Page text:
Three British soldiers were killed and six others injured after their heavily-armoured vehicle was hit by a large roadside bomb.
The servicemen, from The Royal Highland Fusiliers, 2nd Battalion The Royal Regiment of Scotland, died while on a routine patrol in the Nahr-e Saraj district of Helmand Province on Tuesday.
The deaths mark the first time British troops have died in an armoured Mastiff vehicle since it was introduced to the campaign in 2007. The three soldiers were airlifted to the military hospital at Camp Bastion but could not be saved. It is unclear how badly injured the other six soldiers were.
It is understood the explosion was caused by a particularly large bomb and officials are looking into whether insurgents are designing bigger bombs aimed at piercing the Mastiff's heavy armour. It is unclear whether the bomb penetrated the 23-tonne vehicle or lifted it off the road and turned it over, but it is the first time troops inside a Mastiff have been killed by an IED (improvised explosive device) attack.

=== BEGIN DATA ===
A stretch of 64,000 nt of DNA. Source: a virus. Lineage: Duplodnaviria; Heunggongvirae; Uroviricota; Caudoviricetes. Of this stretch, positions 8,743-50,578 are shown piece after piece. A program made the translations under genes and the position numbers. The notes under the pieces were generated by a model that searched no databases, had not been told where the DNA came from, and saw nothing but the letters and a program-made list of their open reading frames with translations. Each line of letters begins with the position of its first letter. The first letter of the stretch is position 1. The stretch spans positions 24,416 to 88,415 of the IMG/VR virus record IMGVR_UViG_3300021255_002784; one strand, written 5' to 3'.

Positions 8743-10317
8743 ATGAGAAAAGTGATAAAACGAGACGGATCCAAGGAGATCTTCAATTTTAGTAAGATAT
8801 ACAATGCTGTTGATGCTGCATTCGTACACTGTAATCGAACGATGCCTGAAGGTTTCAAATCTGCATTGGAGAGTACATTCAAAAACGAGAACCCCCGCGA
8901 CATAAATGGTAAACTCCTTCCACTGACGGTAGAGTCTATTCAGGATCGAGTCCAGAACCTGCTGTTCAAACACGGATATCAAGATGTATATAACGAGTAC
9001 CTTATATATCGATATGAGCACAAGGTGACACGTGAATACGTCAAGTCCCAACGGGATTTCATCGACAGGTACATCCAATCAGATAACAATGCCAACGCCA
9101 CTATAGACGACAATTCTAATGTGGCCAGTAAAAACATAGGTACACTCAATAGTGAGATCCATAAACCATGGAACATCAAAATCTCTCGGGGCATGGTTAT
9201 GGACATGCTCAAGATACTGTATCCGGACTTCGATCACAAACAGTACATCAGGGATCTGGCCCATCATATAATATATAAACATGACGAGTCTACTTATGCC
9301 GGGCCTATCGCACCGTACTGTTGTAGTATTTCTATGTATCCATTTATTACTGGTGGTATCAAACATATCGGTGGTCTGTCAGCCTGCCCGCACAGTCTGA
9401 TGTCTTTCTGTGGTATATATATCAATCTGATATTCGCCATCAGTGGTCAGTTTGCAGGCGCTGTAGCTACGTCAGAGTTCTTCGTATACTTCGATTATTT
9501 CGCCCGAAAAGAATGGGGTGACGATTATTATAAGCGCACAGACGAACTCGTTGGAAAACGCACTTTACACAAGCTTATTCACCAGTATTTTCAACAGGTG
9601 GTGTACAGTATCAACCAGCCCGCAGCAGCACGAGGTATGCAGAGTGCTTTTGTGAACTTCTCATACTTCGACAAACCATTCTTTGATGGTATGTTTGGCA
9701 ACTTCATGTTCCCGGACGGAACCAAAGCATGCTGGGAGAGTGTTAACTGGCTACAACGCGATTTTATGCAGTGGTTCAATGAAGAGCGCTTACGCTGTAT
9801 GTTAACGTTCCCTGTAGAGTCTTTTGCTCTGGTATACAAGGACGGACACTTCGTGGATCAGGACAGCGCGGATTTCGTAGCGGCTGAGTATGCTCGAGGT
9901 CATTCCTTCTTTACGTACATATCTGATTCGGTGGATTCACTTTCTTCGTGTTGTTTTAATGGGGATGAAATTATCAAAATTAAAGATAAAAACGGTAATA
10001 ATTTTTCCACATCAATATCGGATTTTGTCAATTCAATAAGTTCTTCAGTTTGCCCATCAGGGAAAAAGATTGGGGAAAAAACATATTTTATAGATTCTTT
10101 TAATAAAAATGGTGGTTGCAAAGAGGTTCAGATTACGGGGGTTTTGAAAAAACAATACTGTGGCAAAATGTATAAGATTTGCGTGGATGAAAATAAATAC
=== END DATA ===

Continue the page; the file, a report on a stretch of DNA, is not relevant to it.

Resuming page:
An investigation is expected to look at how the bomb was made, and how the incident happened, including techniques and checks used by British troops on patrol.
"If you build a big enough bomb it will overcome a Mastiff. It's just never been done before," a military source said, adding that the answer would not necessarily be to add more armour to the vehicle, or create different armoured vehicles, but to continue to work to prevent attacks.
Former Army chief of staff Lord Dannatt told Radio 4's Today programme: "One has to accept tragically that, as in any cycle of conflict, there's invention and counter-invention. The Taliban have found a way of countering the protective qualities and characteristics of the Mastiff. It would seem that this was an extremely large bomb that was so powerful that actually it was able to cause fatalities within the vehicle itself."
The last time so many British soldiers were killed in one incident was last March when six died after their Warrior armoured vehicle was blown up by a massive IED about 25 miles north of Lashkar Gah.
Prime Minister David Cameron said the country had paid a "very high price" for its work in Afghanistan, but maintained it was "vital" in making sure the country "doesn't again become a haven for terrorists".
The deaths take to 444 the number of UK service members who have lost their lives since operations in Afghanistan began in October 2001. Six have died in 2013.